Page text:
On one last road trip before they're sent to serve in Vietnam, two brothers and their girlfriends get into an accident that calls their local sheriff to the scene. Thus begins a terrifying experience where the teens are taken to a secluded house of horrors, where a young, would-be killer is being nurtured.
A team of trainees of the National Guard brings supply to the New Mexico Desert for a group of soldiers and scientists that are installing a monitoring system in Sector 16. They do not find anybody in the camp, and they receive a blurred distress signal from the hills. Their sergeant gathers a rescue team, and they are attacked and trapped by deformed cannibals, having to fight to survive. Written by
Claudio Carvalho, Rio de Janeiro, Brazil
The mine shafts were created by the same team who are responsible for the caves in Brit horror The Descent (2005). See more »
Missy gets caught by one mutant while she's having a leak. Yet when she is lifted by the mutant and carried away her pants are up and not down as they should have been if she didn't wanted to soil them. This is even clearer to be seen when she is then shortly after laid down in the room inside the mine. We then there see that her pants are not even up, but that even her belt is buckled/tied. It would be very doubtful the mutant picked his time rearranging her pants while dragging her along. See more »
You against the war, Doonesbury?
Not all wars, Sarge, I just think the president lies too much.
All presidents lie, asshole! That's their fucking job!
No president has told the truth since Truman! And you know what he said?
He said that the buck stops here!
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I had actually liked the remake of Wes Craven's Hills Have Eyes, which was shown here last year. Directed by Alxandre Aja, it was top notch violence and gore which actually sent a chill, because the victims were an innocent family out for a holiday, and to see them getting systematically deeper into trouble, somehow makes it rather horrific to sit through.
While its predecessor was shown here with cuts, The Hills Have Eyes II is shown here in its full gory glory. However you wonder, just where did all the blood and gore had gone. Written by father and son team Wes and Jonathan Craven, the follow up movie (also a remake of the sequel to the original) seemed to be lacking in flavour and spirit. Sure the mutants are back, but there's very little space given to set them up, or enough time for you to identify and distinguish one from the other.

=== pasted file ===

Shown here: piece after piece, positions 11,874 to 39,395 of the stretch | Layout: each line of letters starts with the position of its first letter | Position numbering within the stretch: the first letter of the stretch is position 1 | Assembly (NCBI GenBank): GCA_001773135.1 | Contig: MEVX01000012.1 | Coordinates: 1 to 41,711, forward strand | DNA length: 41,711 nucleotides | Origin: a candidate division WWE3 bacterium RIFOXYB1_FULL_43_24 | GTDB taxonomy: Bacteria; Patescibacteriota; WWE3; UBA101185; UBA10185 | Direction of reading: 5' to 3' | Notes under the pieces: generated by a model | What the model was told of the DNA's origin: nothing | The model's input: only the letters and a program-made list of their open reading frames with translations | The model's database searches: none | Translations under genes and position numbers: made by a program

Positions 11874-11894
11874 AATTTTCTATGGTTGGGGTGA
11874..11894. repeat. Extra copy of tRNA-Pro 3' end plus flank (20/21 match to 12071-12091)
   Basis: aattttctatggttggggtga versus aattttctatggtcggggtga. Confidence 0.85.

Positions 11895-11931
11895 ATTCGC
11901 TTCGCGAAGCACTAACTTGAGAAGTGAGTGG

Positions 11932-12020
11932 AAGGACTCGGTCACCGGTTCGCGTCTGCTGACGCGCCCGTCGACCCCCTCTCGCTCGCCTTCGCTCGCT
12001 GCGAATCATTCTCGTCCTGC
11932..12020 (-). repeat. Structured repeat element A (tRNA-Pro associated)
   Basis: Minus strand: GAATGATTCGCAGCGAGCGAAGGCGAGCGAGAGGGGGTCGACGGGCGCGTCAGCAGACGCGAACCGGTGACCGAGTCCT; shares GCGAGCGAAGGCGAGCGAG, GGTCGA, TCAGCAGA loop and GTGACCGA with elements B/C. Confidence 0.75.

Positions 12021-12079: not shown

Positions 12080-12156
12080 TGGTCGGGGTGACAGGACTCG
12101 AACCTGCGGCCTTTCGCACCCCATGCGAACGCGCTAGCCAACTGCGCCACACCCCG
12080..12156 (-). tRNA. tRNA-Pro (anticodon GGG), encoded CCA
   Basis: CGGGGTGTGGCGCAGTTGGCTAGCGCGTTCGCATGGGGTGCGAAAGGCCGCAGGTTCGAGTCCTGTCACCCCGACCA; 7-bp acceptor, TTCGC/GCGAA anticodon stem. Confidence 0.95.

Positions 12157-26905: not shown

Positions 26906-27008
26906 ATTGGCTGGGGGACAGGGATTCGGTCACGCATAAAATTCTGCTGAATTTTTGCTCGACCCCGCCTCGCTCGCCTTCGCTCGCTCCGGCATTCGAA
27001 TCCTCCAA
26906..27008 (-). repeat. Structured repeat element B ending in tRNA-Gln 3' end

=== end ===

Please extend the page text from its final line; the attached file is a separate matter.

Did director Martin Weisz opt to play it safe? There's tension built, but nothing too riveting. The narrative is simple and straightforward, without much thought into trying to capture the X-factor why the original had worked somehow. Attempting to shock just for shock's sake, the movie opens with the birth of a child, in the most un-Discovery Channel manner, before introducing us to the victims, I mean, characters, and a short scene to link the events from its predecessor.
Again the military's dirty hands are in this one. Gone are the family, and in comes a small squad of National Guard trainees. It's soldiers versus A-bomb mutants, so the numbers come in handy to build up the body count. But in fact, none of them died in any creative manner. It's the usual hack jobs, and more uninterestingly, through the use of their carbines. Boring, and I guess too many movies outdoing one another in the creative death department, has taken its toil on this one, where simpleness and sure death like falling from great heights without the camera flinching, go unappreciated. Truth is, you know that it's a camera trick, and boy, are there a number of recognizable indoor shots for this outdoor movie, that makes it look cheap.
By the time it takes for these rookie soldiers to complete their training to the dark side and become cold killers (fighting for their own survival), you'll be more than in a hurry to head for the exit. To enjoy this movie, the usual leave your brains at the door cliché applies. Just make sure someone doesn't take a real machete and help you put it there.
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